At the time of writing, our analysis of the controller has been relatively brief, preventing us from fully identifying all the alterations. Some changes will likely never be known. Nevertheless, we’ve already observed modifications to the internal plastic chassis and some repositioning of components on the PCB. Further lab testing has yielded some additional noteworthy observations:
- FCC ID: Regarding the FCC ID, the newly identified AK8CFIZCT1B could currently serve as a distinguishing factor between the BDM040 and other controller revisions, as previously indicated.
- Triggers Used for Identification: Similar to the BDM-030 revision, the springs remain visible from the top when the triggers are pulled back. Currently, it appears that the “trigger gap” method may not be effective in distinguishing the BDM-040 revision as the triggers closely resemble those of the BDM-030 version. Any potential differences seem to be extremely subtle at this point.
- Trigger & Face Button Kits/Mods: We tested the ExtremeRate mouse click style “clicky” (microswitch) face button and hair trigger kits. The result of that testing are as follows:
- Trigger Mechanism Housing Changes: Internal changes to the trigger areas of the controller mean that prior revision “full” (combined face and trigger) kits and solo trigger kits do not fit the BDM-040 controller and will need to be redesigned.
- Face Button Kits: The BDM-030 “face clicky” kit from ExtremeRate does appear to fit and work as intended.
- Adaptive Trigger Mechanism: The lever, gearwork and parts surrounding the adaptive trigger motor have changed. The general functionality appears to be the same however the design has been slightly altered from previous versions.
- BDM-030 Standard Parts Fit: All “standard functionality” OEM and aftermarket BDM-030 parts were interchangeable with the BDM-040. This includes triggers, bumpers, d-pad, all face buttons and the outer enclosure (shell).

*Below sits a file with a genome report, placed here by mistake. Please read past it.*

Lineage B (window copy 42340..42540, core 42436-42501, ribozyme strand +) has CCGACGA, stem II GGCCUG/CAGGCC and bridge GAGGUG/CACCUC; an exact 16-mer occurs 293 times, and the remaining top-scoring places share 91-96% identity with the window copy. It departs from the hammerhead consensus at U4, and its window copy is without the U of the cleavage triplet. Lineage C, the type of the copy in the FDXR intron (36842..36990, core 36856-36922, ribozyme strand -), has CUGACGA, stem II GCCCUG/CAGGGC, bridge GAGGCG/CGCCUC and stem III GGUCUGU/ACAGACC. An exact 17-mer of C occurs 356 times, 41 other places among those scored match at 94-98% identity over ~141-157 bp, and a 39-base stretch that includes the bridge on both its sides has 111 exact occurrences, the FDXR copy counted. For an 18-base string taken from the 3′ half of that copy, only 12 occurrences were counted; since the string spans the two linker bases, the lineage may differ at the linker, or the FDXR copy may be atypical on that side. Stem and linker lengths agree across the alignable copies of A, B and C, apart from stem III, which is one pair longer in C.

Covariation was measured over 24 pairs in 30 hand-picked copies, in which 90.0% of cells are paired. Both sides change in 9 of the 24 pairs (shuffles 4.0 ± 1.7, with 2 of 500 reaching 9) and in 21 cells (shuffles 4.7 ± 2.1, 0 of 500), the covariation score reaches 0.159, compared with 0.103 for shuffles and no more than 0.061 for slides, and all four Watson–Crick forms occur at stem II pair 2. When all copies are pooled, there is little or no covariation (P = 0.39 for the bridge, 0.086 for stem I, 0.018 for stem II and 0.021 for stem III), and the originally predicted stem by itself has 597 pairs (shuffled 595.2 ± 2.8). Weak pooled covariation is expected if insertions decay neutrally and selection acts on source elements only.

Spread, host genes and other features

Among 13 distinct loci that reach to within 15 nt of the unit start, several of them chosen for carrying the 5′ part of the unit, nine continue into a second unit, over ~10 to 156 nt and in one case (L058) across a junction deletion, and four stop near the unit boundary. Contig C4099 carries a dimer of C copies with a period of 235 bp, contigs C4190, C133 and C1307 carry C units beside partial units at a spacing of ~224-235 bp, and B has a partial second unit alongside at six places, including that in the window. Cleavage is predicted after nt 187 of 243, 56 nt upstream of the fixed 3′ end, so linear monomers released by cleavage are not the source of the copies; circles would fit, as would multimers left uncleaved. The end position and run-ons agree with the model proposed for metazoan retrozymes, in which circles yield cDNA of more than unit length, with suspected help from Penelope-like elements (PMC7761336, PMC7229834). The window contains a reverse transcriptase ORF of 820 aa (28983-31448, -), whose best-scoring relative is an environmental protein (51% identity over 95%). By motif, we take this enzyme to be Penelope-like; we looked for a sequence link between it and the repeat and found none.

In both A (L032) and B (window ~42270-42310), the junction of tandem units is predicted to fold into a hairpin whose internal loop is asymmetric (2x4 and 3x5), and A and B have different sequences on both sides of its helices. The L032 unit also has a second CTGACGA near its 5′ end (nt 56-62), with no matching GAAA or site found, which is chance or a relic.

- Touchpad: When comparing the touchpad from a BDM030 and the new BDM040 there were no major differences identified aside from some slightly different markings. The front of our BDM040 touchpad uses what we call the alternating “square wave” style pattern seen in previous revisions.
- Battery: The internal Li-Ion rechargeable battery pack appears to be the same old 3.65v 1560mAh.
- Visual Differences: Obviously when looking at the internals, the circuit board, etc. one can identify several changes when compared to the previous version. However, it’s not completely obvious how these changes impact the controller.
Given our limited time with the controller over the last two days, this represents the bulk of our observations thus far. Our current workload is extensive, yet we remain committed to further research and will strive to provide regular updates on this post as we gather more information. We are planning to include a concise video showcasing the controller’s internals, which we aim to upload shortly.
Where to get the BDM-040?
At this time, we honestly don’t know. Someone out there is getting them and it seems likely that it won’t be long until they are mainstream. There is still a lot of old stock out there for distributors to go through. Even with the popularity of the BDM-030, we are still getting the occasional BDM-010 and BDM-020. With Christmas coming up there will likely be a purge of much of that old stock and we wouldn’t be surprised to see 40’s everywhere buy early 2024, but we really can’t be sure. If you end up with one feel free to contact us and let us know where you got it.